Spring flowers and the final week of argument in the Supreme Court’s 2015 term have all of us at RLUIPA Defense thinking spring. However, at least one controversy from the 2014 holiday season is back in bloom (reported on previously here, “Tis The Season for Nativity Scenes & Satanic Displays: Happy Holidays from RLUIPA Defense”). The Freedom from Religion Foundation (“FFRF”) and The United Federation of Churches LLC (d/b/a The Satanic Temple) (“TST”) have filed another federal lawsuit against Franklin County, Indiana challenging the public use of the County courthouse lawn. Late last year, FFRF and two FFRF members filed suit (currently pending under Case No. 1:14-cv-2047-TWP-DML (S.D. Ind.)) alleging that the life-size nativity scene, which had been displayed on the courthouse lawn every Christmas season for approximately fifty years, violates the Establishment Clause of the First Amendment.
In this case, TST joined with FFRF to challenge County Ordinance 2015-02, regulating the use of the courthouse lawn by persons seeking to erect public displays. According to the purpose statement of Ordinance 2015-02, “[i]t is the county’s policy to provide all county citizens with equal access to the courthouse grounds.”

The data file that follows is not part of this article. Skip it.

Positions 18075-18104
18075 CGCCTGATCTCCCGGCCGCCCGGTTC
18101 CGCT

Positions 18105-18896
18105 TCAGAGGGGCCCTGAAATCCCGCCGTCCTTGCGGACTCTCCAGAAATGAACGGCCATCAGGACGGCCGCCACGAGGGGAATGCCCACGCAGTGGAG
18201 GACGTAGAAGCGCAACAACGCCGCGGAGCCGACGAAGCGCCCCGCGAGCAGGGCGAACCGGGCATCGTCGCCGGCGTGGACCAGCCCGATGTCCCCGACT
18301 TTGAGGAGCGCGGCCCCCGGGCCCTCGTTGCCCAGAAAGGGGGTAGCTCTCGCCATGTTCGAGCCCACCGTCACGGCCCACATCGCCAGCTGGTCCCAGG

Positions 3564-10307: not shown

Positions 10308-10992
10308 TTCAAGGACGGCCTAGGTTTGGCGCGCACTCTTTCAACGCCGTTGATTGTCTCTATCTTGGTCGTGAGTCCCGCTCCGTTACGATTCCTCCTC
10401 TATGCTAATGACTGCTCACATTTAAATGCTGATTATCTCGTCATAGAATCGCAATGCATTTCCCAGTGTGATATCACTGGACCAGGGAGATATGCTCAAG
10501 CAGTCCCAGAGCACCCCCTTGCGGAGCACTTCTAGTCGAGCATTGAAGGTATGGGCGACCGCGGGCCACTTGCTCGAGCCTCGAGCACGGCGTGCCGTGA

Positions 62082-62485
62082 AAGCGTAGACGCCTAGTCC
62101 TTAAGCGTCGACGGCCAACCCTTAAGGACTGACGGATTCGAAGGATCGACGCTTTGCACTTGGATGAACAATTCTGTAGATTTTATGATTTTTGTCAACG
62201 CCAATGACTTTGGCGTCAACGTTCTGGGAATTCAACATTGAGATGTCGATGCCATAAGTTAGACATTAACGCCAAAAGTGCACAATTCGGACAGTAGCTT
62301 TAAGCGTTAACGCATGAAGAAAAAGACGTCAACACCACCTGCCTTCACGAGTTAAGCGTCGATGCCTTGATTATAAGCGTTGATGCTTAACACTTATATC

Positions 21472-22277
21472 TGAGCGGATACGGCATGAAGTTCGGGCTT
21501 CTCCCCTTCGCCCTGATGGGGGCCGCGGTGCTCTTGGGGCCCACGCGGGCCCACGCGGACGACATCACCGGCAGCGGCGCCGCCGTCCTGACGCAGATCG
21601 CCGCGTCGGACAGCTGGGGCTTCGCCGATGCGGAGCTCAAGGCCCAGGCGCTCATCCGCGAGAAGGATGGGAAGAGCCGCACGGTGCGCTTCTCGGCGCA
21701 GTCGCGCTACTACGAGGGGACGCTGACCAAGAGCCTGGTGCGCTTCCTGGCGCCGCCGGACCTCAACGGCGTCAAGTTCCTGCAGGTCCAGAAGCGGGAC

In mid-February 2015, FFRF submitted a permit application to erect a display on the courthouse lawn “consist[ing] of several cut-out figures celebrating the December 15th nativity of the Bill of Rights.” FFRR explained its desire to have its display on the courthouse lawn from November 29, 2015 through January 6, 2016: “the County has violated the Establishment Clause for decades, and it wishes to present a countervailing message to the nativity scene observed by County residents and visitors for half a century.”
TST, which describes itself as “an organized religion that encourages benevolence and empathy among all people while embracing practical common sense and justice,” also applied to the County to erect a display on the courthouse lawn for the same November to December period. The display would consist of “an artistic three-dimensional sculpture mounted on a wooden platform….” TST’s motivation for its display is to publically express its religious beliefs in an effort to obtain more adherents by familiarizing them with TST’s message.
Each application was considered by the County’s Board of Commissioners at its March 2, 2015 meeting. According to the complaint, the Board denied both applications because “neither FFRF nor TST is a resident of the County.” Based on the denials, FFRF and TST claim that the permit denial and the county-resident requirement violate the Establishment Clause. A copy of the complaint and Ordinance 2015-02 are available here and here.